Sen. Feinstein moves toward compromise on drought legislation

Sen. Feinstein moves toward compromise on drought legislation


Nunes image, H.R. 3964Crises commonly produce compromise. That seems to be happening in the U.S. Congress with solutions to California’s drought. In particular, Sen. Dianne Feinstein appears to be moving away from her San Joaquin River Restoration Act of 2009, which was a response to a 2006 court decision and gave priority to salmon runs over water for farming.

A March 10 editorial in the Fresno Bee paraphrased her comments to the paper’s editorial board:

“It is time, in light of climate change, Feinstein said, to ‘reassess’ the $2 billion plan that would revive salmon runs on the San Joaquin by rebuilding the 153-mile stretch between Friant Dam and where the Merced River empties into the San Joaquin.

“This is significant because Feinstein has been a strong river restoration advocate. She, along with former Rep. George Radanovich, was a key figure in pushing negotiators forward in the 2006 settlement of a long and bitter federal lawsuit filed by environmentalists over river diversions to farmers.”

And with Fresno in the heart of California’s farming country, the Bee’s editorial board also has been persuaded to change its stance. An Oct. 28 editorial in the paper didn’t foresee any problems with water releases from Friant Dam for fish. But its new editorial on March 10 wrote:

“The Editorial Board has championed the river’s restoration. However, we concur with Feinstein.

“The project has ballooned in costs. Deadlines have been repeatedly missed on this massive, unprecedented and unpredictable project. Indeed, the schedule for fully restoring the salmon runs was pushed back three years in mid-2012.”

Farm community

A typical response from the farm community came from the activist group Families Protecting the Valley:

“Is it possible that Senator Dianne Feinstein is starting to see the San Joaquin River Restoration project as the unrealistic dream that it really is?… There is no money, no promise of funding.  Yet, water has needlessly been sent down the river instead of to farms. Thousands of acre-feet [of water] could have been saved just in the past few months, but the restoration was ‘off the table’ for re-negotiation according to Senator Feinstein.”  

Feinstein’s new stance contrasts with her reaction to the drought legislation proposed in January by Rep. Devin Nunes, R-Tulare, H.R. 3964, The Sacramento-San Joaquin Valley Emergency Water Delivery Act of 2014. The bill effectively would repeal her San Joaquin River Restoration Act of 2009.

In a Jan. 29 statement, she wrote of H.R. 3964:

“Today’s bill is another irresponsible proposal that puts politics ahead of the needs of California, and candidly, it’s very disappointing. … This bill is disingenuous, it is irresponsible and it is dangerous. I truly hope Valley farmers speak out against this ugly example of politics as usual and demand that Valley Republicans quit the games and fulfill their responsibilities as legislators.”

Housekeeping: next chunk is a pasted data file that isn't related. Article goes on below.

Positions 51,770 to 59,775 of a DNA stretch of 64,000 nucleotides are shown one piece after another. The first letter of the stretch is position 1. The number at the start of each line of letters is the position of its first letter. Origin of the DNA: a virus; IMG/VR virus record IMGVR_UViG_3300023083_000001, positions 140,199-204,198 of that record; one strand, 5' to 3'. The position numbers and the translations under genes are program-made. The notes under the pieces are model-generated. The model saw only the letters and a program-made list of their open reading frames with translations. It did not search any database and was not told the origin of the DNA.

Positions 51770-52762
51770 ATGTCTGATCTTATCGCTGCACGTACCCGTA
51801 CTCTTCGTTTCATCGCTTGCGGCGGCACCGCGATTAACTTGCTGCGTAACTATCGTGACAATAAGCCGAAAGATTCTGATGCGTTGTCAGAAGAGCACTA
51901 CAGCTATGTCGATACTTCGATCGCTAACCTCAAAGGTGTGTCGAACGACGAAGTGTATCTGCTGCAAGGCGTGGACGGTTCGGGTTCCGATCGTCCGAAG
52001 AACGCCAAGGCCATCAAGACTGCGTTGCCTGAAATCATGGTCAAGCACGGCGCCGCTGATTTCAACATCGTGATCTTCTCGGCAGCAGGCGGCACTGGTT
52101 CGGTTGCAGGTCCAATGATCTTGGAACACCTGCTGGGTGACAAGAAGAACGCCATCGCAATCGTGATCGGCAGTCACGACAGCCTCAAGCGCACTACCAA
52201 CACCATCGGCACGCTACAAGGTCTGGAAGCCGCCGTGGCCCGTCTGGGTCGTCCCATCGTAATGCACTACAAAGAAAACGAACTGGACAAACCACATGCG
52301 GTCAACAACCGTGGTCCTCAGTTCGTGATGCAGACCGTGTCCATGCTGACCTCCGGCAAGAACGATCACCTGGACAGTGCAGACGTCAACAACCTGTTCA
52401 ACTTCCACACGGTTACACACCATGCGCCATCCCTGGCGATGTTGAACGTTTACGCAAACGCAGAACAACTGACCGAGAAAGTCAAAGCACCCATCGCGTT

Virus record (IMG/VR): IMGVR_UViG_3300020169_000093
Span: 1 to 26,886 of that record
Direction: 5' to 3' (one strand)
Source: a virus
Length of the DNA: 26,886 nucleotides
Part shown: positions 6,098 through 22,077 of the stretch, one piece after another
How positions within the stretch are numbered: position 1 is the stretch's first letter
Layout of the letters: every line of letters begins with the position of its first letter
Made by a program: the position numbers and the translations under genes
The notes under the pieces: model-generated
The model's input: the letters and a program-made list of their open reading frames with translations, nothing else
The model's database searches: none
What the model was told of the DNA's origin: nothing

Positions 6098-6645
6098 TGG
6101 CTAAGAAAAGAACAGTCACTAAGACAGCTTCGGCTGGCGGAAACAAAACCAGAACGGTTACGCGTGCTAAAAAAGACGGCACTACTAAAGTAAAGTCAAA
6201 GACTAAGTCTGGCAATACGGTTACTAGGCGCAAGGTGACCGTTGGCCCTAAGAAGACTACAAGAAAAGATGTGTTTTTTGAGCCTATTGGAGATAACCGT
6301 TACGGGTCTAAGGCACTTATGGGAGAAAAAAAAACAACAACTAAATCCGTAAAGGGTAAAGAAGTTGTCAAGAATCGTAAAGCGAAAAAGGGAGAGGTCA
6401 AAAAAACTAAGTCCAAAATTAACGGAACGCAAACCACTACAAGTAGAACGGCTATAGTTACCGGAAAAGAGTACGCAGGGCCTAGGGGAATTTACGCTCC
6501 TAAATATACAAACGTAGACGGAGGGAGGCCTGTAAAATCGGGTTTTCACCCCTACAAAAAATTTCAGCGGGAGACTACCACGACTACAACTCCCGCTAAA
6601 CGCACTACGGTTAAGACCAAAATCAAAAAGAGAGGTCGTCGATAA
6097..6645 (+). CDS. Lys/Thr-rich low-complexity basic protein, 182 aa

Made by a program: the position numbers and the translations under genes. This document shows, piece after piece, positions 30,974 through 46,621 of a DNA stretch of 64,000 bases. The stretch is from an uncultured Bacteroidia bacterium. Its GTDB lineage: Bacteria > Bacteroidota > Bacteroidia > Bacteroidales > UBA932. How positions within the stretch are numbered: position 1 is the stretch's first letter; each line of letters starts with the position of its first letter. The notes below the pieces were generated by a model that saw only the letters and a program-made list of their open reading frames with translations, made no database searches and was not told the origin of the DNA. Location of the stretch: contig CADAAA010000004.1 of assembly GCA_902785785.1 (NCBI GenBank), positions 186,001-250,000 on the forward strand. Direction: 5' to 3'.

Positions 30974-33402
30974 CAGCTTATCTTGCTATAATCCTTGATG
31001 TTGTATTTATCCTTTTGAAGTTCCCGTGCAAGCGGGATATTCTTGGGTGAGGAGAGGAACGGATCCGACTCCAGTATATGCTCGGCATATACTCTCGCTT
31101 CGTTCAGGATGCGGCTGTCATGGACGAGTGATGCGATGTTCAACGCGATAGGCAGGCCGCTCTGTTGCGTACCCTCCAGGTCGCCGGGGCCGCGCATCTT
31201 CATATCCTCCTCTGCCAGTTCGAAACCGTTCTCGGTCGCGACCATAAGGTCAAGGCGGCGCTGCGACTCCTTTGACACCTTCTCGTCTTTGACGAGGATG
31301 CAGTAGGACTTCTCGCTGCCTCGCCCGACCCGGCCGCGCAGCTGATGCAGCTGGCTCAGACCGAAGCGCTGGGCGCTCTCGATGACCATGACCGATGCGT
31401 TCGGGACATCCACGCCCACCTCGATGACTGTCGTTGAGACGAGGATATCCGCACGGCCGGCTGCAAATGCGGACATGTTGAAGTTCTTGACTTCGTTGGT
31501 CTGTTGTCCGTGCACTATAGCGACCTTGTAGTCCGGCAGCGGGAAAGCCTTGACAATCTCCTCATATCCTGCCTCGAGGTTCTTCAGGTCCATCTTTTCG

Pretty tough words. But since then, the drought only has worsened. President Obama toured the drought area. And the November election, with Democrats worried about losing House seats from California, approaches ever nearer. Indeed, just yesterday Democrats’ plight became more critical as Republicans won an election for an open House seat in Florida.

So it’s not surprising that Feinstein and other Democrats want to advance compromise solutions to the drought that put them in good light with farm voters.


Where might compromises be hashed out?

Compromise 1. The San Joaquin River has a 60-mile stretch where the river runs dry during droughts because the riverbed is at a higher elevation. This hump in the river keeps salmon from running to the ocean. The present solution is wasteful: flushing the river with huge amounts of water to get the fish over the hump.

Feinstein’s 2009 San Joaquin River Restoration Act required lowering the riverbed to create a sort of Panama Canal for fish at a prohibitive cost of $1 billion to $2 billion. It has not been built. The project is a literal example of the old saying, “In California water runs uphill toward money.”

A compromise could be to create an upstream fishery. An alternative compromise could be to build a cheaper parallel fish canal, but only after new replacement water storage facilities were built first for farmers to prevent repeat water shortages during drought.

Compromise 2. Water savings could be advanced through the quantification and greater efficiency of environmental water, not agricultural or municipal and industrial water.

Check out this Water Balance Table from the Department of Water Resources:

California Water Balance Summary chart

The environment is allocated 22.4 million acre-feet in a dry year, but nearly triple that, 62.1 million acre-feet, in a wet year.

By contrast, notice the narrow range for urban uses: 7.7 million acre-feet in a wet year, to just 8.6 million acre-feet in a dry year.

And agriculture goes from 27.7 million acre-feet in a wet year to 34.1 million acre-feet in a dry year. That’s just a 23 percent increase during the dry times farmers most need more water.

If a bit more environmental water were reallocated to agriculture in dry years, the crisis could be alleviated.

Compromise 3. Discussions could be started on the $102 million collected from farmers under the San Joaquin River Restoration Act of 2009 to build infrastructure to replenish their lost farm water allocations, but which never was implemented.

Compromise 4. A “fail safe” drought planning principle could be adopted that puts pre-mitigation of lost farm water before water diversions for fish. Otherwise, when droughts hit, farmers are decimated.

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